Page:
Hey.. that's right. Good idea.
.. my thoughts on the Chevy fuel systems:
The pump on the later years is in a submersible bucket ( 98+ I believe ) that is meant to help cool the pump. These pumps are cooled internally and externally in the tank - it is very important to not let the fuel get below a certain level.
I have replaced both the early and late fuel pump types across a few different models, ie. silverado, trailblazer, s10 truck, s10 blazer, suburban, etc.. I only use the AC delco parts for replacement, nothing else. My Chevy parts guy in Texas tends to get me around the same or slightly lower prices on OEM than the local parts stores for aftermarket - no warranty, but I havent had a "repeat" failure either.
I have had to replace the sending units for the fuel level floats also - the ones made before 07 had tiny wires on the contacts that could possibly get bent out of shape ( I dont know how they physically bend, just that they dont work after this - and on some of these later models it causes a Check engine light also ) These tend to cost about $100 where the whole pump module w/ bucket and new level module, etc .. is a little under $400 including the filter and shipping.
The last chevy pump I replaced wasnt exactly "bad" it was more along the lines of our dying Ford ones - it had a bad check valve or the internal mechanism wouldnt hold pressure .. ie; when you crank it, you had to crank and crank to build fuel pressure to start, when you let the key go, it went back down to 0 PSI. For the longest time the customer put it off until it started cutting out on the freeway at higher speeds - new pump fixed the hard start condition also.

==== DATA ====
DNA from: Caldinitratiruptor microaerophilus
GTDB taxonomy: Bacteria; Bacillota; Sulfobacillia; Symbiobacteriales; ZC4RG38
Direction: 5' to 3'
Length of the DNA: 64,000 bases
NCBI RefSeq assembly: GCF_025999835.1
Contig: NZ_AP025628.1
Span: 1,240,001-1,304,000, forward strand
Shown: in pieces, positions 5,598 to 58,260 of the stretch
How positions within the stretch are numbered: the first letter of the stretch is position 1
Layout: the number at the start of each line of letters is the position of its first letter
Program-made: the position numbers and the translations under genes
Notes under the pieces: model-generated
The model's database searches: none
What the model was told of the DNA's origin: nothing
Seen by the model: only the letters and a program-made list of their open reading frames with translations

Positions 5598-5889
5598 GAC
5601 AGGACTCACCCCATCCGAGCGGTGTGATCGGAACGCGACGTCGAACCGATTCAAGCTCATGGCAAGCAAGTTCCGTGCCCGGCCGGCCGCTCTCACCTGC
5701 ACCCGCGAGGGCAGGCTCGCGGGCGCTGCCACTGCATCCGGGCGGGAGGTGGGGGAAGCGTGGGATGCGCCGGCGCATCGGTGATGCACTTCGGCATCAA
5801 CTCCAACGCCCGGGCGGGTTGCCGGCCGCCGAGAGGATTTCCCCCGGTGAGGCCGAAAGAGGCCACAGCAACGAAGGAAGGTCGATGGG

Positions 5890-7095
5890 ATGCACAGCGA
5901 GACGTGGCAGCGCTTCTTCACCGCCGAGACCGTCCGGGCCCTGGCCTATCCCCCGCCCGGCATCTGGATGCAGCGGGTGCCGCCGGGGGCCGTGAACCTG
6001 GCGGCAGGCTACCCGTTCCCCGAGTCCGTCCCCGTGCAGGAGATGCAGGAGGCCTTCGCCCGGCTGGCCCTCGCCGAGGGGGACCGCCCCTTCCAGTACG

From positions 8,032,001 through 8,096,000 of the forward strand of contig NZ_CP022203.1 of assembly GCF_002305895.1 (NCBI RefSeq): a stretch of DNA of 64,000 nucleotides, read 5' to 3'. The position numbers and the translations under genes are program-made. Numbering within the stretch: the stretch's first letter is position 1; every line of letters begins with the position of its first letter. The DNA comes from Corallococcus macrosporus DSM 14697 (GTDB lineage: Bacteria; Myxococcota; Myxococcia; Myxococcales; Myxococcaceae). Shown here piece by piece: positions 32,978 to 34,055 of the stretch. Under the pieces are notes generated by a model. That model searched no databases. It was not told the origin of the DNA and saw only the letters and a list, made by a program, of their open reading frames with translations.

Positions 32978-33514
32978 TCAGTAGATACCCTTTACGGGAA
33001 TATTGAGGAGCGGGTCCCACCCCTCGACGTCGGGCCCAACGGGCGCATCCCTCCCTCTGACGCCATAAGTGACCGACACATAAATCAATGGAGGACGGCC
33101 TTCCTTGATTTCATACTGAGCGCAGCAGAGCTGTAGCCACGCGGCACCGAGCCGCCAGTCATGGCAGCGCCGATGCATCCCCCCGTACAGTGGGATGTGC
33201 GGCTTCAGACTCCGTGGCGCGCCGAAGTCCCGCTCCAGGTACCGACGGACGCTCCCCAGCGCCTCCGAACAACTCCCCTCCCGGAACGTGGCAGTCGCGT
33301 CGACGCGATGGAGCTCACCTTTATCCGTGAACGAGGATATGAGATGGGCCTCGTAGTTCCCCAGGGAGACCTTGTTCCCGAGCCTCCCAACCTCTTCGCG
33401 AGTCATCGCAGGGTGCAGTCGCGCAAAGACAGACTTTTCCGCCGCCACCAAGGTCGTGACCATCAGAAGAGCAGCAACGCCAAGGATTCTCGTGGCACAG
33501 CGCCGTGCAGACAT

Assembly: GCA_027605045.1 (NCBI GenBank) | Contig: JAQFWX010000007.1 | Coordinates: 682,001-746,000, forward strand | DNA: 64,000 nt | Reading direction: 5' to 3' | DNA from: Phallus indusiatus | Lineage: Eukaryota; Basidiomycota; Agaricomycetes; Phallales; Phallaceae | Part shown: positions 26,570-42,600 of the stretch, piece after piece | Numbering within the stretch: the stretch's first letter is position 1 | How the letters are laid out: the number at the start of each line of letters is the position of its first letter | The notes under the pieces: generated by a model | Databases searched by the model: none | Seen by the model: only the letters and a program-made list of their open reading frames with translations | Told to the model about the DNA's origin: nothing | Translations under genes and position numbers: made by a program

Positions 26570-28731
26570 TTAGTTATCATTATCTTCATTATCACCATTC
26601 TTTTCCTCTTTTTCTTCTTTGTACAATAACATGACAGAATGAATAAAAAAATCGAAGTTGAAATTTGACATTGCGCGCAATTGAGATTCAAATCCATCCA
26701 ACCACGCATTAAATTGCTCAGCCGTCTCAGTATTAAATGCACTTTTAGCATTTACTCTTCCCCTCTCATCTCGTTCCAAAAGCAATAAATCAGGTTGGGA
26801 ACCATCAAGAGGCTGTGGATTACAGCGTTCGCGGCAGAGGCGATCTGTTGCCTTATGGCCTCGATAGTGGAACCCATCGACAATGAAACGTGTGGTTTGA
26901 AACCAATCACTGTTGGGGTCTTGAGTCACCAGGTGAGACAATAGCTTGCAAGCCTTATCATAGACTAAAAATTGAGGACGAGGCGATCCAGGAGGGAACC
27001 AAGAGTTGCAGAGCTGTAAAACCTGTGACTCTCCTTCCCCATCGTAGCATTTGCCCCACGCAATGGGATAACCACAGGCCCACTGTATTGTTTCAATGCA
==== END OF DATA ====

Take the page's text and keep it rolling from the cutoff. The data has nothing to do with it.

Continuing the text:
Injectors - about 20 years ago these were replaced all the time. Not so much nowadays, the number of injector replacements have gone down significantly, especially in states like California where fuel is regulated ( California law says that all fuels need detergents in them ) .. my thoughts, use Fuel injector cleaner if your state does not have fuel regulations in place. Otherwise, fuel injector / system cleaner is a waste of money in California. I honestly never have had to replace a single fuel injector unless it was to upgrade to a larger #
.. like I said on the Fuel pumps, the last replacement I did was on a Turbo Volvo. First, the kid drives the car - the Oil light comes on and never puts any oil into it. The engine develops a rod knock, so I fixed that with a new engine. Then he runs out of Fuel. It was completely empty, puts another 2 gallons in, wont start. no fuel pressure .. bad fuel pump. My thoughts .. he cooked it running it dry - I didnt physically take the motor apart, just tossed it in the trash and went with a brand new replacement.
But yes I do believe that maintaining a constant supply of fuel in your tank is critical for the life of the pump itself. But the Chevy ones are typical to go bad before 100k miles whereas most Fords (Walbro) last well over 150k